For the olde school gamers

For the olde school gamers

squadleader21After reading about John O’Neill’s early gaming experiences in Black Gate 14, I was inspired to get back to my earlier attempt to create a VASSAL module for the monster game of strategic space combat, Fifth Frontier War. For those who are unaware, VASSAL is an adaptation of Rodney Kinney’s Virtual Advanced Squad Leader program which allows board-and-counter or card-based gamers to play games live or by email over the Internet.

After more than twelve years of development, both VASL and VASSAL are very robust software systems with a remarkable degree of sophistication. They are not computer games proper, as they lack artificial intelligence and there is no way of using them to play against the computer since the game rules are entirely external to the system.

Instead, they are an electronic replacement for the board, counters, cards, and dice that were traditionally used to play games like Squad Leader, Midway, Afrika Korps and other games from long-dead companies like Avalon Hill, SPI, and Game Designers Workshop.

Hundreds of modules for everything from 11 de Setembre Setge 1714 (the final battle of the War of the Spanish Succession) to Wooden Ships and Iron Men.  All are available for free download from the VASSAL modules page, as is VASSAL itself.  After some initial resistance, most game producers and copyright holders have embraced the system, as it is an excellent way for gamers to keep these old games alive.  The clever step-through system allows for PBEM of the most complicated games since it was originally developed for the complicated Defensive Fire system of ASL.  Nor is VASSAL the only resource on the Internet of serious interest to fans of the old school pre-computer game.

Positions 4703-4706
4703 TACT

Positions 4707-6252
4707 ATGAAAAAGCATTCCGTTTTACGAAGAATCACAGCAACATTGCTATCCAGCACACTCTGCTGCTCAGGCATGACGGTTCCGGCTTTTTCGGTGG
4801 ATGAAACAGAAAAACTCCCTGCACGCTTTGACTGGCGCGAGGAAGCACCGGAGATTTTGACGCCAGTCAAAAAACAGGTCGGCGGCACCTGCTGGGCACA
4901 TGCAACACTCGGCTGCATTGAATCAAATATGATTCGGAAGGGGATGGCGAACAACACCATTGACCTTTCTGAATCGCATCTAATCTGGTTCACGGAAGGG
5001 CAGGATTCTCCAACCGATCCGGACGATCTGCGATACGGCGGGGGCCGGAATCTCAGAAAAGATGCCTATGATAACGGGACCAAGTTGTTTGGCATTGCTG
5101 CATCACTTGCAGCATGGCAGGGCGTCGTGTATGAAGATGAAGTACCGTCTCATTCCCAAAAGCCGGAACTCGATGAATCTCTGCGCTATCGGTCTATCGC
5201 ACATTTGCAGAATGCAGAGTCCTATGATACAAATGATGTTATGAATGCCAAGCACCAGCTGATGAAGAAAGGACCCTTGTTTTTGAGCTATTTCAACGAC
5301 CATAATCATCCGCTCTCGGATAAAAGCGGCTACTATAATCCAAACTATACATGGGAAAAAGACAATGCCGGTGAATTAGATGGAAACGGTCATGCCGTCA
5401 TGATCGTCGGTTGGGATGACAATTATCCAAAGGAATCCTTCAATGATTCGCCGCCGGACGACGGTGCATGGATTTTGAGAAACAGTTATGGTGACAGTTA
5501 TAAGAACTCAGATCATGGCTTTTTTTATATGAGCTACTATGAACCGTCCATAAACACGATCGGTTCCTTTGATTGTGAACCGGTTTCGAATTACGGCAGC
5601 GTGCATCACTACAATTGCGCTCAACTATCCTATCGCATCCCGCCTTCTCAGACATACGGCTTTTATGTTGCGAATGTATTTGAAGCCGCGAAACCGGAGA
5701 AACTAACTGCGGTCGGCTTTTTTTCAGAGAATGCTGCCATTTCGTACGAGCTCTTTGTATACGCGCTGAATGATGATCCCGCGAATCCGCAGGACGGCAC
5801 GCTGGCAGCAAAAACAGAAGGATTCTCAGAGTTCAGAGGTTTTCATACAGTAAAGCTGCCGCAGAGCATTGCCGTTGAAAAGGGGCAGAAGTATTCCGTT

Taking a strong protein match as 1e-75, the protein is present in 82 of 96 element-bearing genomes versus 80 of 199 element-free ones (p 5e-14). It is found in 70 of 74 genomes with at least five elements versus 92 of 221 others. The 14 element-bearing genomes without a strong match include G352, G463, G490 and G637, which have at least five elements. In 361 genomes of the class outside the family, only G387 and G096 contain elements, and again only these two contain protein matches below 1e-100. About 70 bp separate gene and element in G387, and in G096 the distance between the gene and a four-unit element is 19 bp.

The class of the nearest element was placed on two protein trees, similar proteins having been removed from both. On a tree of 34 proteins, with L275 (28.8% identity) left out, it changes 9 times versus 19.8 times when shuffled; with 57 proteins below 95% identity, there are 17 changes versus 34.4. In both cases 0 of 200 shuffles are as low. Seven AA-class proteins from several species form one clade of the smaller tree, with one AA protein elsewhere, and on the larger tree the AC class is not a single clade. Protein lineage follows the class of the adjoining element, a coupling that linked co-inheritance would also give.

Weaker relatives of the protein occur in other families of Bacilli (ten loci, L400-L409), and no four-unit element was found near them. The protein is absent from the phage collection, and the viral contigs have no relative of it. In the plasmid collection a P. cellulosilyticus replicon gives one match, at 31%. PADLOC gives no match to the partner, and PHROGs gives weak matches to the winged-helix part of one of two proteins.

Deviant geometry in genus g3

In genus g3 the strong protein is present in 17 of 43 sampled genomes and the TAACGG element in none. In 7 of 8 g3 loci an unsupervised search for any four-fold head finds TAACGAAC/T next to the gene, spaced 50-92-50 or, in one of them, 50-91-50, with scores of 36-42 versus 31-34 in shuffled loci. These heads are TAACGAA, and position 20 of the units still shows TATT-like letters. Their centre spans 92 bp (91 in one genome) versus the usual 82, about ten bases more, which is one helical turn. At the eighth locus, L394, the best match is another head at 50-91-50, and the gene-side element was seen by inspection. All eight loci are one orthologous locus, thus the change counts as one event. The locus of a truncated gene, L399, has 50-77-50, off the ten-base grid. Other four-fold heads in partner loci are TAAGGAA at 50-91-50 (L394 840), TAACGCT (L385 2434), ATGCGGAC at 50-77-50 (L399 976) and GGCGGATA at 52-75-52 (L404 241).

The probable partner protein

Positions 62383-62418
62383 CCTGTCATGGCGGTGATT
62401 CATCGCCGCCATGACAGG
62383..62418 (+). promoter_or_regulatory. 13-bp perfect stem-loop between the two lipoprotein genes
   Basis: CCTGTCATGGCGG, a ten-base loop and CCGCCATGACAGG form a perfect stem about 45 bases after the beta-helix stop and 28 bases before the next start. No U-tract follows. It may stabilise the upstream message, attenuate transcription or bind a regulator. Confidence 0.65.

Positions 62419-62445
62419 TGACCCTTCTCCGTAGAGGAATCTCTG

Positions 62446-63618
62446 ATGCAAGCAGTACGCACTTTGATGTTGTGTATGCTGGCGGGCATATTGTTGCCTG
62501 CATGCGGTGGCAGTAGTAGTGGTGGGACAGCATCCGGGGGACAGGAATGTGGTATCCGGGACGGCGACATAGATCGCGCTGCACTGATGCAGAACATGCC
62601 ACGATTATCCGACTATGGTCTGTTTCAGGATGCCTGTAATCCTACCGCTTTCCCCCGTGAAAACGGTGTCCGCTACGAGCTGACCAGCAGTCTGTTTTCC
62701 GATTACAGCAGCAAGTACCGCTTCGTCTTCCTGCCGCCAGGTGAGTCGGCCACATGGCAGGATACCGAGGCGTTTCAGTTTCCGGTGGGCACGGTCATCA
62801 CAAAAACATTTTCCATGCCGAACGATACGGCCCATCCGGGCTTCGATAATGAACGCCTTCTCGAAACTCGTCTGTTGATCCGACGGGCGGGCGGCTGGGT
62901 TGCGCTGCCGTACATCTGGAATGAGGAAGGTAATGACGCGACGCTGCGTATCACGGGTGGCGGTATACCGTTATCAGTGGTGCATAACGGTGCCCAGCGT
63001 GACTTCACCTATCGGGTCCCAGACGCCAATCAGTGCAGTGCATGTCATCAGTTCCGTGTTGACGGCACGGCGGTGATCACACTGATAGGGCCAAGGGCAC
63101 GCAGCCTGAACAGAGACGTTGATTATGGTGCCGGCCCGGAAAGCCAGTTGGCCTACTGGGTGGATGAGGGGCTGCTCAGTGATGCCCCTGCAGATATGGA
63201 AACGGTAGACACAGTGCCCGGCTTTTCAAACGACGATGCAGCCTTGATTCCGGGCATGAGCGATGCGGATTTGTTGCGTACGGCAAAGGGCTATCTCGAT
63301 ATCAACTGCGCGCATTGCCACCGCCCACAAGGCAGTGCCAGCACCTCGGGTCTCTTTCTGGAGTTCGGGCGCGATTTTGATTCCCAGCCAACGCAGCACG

Another excellent if less well-known site is The General Project, which not only offers scanned compilations of the first 25 volumes of the Avalon Hill General for sale on DVD in PDF format, but also has made the first 10 volumes available for free download.  Moreover, because most of the classic Avalon Hill games were produced before 1978 and are now out of copyright, they also sell inexpensive compilations of the scanned game components. 

For example, the Kingmaker Reference DVD contains Game Rules in PDF format, game counters, and cards, a map of the game board, and a PDF with 48 pages of Avalon Hill General magazine articles about Kingmaker in it and is available for only $7 plus shipping.  It is also possible to order printed replacement counters for certain games, although these tend to be more expensive than simply buying a used version of the game from Noble Knight or off eBay.

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Thanks for that.

My brother was/is a huge ‘Squad Leader’ fan.

And I loved ‘Wooden Ships & Iron Men’. I still have the board game, though I haven’t played it in decades.

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